whole foods at mid-year
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3 Things You Need to Know
Whole Foods at Mid-Year
1) Disappointing Earnings
After years of same-store-sales growth above 6%, Whole Foods reported that the metric fell to 5.9% during the fourth quarter of 2013, and 4.5% at the beginning of this year.
Additionally, earnings came in below analyst expectations for both quarters.
Management made clear that competition was being felt in slower sales, and that the company would be lowering prices to compete on costs with others entering the organic field.
Wall Street Hasn’t Been Happy
2) Ramping up Store Openings
Earlier this year, co-CEOs Walter Robb and John Mackey announced that they believed the U.S. could support 1,200 Whole Foods locations, up 20% from previous estimates. Currently, there are 374 locations.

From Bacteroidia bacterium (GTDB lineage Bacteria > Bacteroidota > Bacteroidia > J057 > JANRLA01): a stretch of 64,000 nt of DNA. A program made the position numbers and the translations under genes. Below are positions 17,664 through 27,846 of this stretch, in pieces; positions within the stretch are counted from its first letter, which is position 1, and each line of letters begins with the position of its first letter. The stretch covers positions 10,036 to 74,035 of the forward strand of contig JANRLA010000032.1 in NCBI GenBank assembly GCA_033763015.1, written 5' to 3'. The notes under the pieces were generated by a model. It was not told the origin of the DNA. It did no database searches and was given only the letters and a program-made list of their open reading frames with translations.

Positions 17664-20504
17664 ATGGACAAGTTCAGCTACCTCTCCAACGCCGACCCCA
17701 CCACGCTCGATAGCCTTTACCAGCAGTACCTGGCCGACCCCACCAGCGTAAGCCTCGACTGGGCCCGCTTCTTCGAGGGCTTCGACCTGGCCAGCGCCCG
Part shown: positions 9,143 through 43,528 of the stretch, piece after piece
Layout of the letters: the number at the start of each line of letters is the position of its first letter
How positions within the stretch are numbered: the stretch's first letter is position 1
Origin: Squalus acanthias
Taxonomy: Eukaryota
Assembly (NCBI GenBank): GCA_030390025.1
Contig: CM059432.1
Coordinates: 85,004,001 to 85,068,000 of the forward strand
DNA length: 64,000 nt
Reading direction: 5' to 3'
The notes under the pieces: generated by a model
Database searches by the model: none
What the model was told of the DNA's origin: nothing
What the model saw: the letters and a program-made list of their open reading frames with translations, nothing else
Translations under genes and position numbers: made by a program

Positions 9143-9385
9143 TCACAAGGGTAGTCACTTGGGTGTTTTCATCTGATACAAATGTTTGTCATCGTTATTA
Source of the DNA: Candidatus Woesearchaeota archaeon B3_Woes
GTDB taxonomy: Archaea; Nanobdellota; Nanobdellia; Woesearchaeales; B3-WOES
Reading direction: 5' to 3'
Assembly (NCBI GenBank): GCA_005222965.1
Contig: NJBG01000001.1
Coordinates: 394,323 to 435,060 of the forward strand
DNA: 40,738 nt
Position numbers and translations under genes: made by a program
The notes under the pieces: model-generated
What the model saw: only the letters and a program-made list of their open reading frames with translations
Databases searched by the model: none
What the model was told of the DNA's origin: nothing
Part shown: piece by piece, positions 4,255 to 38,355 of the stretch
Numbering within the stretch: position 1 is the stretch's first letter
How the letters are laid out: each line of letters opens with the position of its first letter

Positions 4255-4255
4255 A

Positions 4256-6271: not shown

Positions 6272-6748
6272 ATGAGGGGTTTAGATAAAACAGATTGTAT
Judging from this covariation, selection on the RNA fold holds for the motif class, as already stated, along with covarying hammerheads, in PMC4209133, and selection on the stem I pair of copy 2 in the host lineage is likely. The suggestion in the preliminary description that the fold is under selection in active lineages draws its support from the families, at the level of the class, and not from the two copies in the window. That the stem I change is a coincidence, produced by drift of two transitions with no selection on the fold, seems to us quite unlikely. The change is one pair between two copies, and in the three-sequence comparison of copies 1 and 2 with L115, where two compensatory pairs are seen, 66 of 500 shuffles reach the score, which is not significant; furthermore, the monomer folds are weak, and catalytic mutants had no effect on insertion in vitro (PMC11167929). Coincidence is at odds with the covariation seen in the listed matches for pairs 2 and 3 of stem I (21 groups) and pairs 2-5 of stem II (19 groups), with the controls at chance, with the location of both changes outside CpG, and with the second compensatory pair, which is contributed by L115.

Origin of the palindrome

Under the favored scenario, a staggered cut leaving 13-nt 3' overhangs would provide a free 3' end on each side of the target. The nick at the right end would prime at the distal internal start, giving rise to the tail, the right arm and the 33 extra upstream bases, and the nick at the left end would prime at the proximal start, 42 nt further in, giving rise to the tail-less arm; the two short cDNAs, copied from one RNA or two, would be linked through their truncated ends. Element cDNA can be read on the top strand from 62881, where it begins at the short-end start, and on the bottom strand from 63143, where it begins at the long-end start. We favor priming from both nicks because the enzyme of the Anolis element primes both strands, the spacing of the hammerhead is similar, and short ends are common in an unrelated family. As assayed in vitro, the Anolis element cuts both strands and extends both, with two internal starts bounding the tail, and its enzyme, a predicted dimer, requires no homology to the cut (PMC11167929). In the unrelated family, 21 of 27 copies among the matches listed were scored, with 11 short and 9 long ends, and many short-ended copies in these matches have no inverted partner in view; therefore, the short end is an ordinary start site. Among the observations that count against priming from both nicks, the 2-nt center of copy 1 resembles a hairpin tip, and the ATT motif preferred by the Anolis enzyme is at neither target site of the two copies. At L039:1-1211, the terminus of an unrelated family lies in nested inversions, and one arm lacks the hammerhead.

During the first quarter earnings release, management laid out the blueprint for further expansion.In 2014, open 37 locations, bringing count to
398.In 2015, open 42 locations, bringing count to
436.In 2016, open 46 locations, bringing count to
478.In 2017, open 50 locations, bringing count to
524.In 2018, open 55 locations, bringing count to
Expansion Plans Ramp Up
3) What to Watch: Can Management Deliver on Growth, Same-Store-Sales Plans?
Store Build-OutWhole Foods has its
work cut out to meet these lofty goals.
When the company reports earnings, check to make sure it still believes there will be 398 locations by the end of fiscal 2014.
In order to meet expectations, Whole Foods needs to show growth in this metric of roughly 5.4%.
Anything above 5.5% would be a huge positive.
Will Management Deliver?Same-Store-Sales
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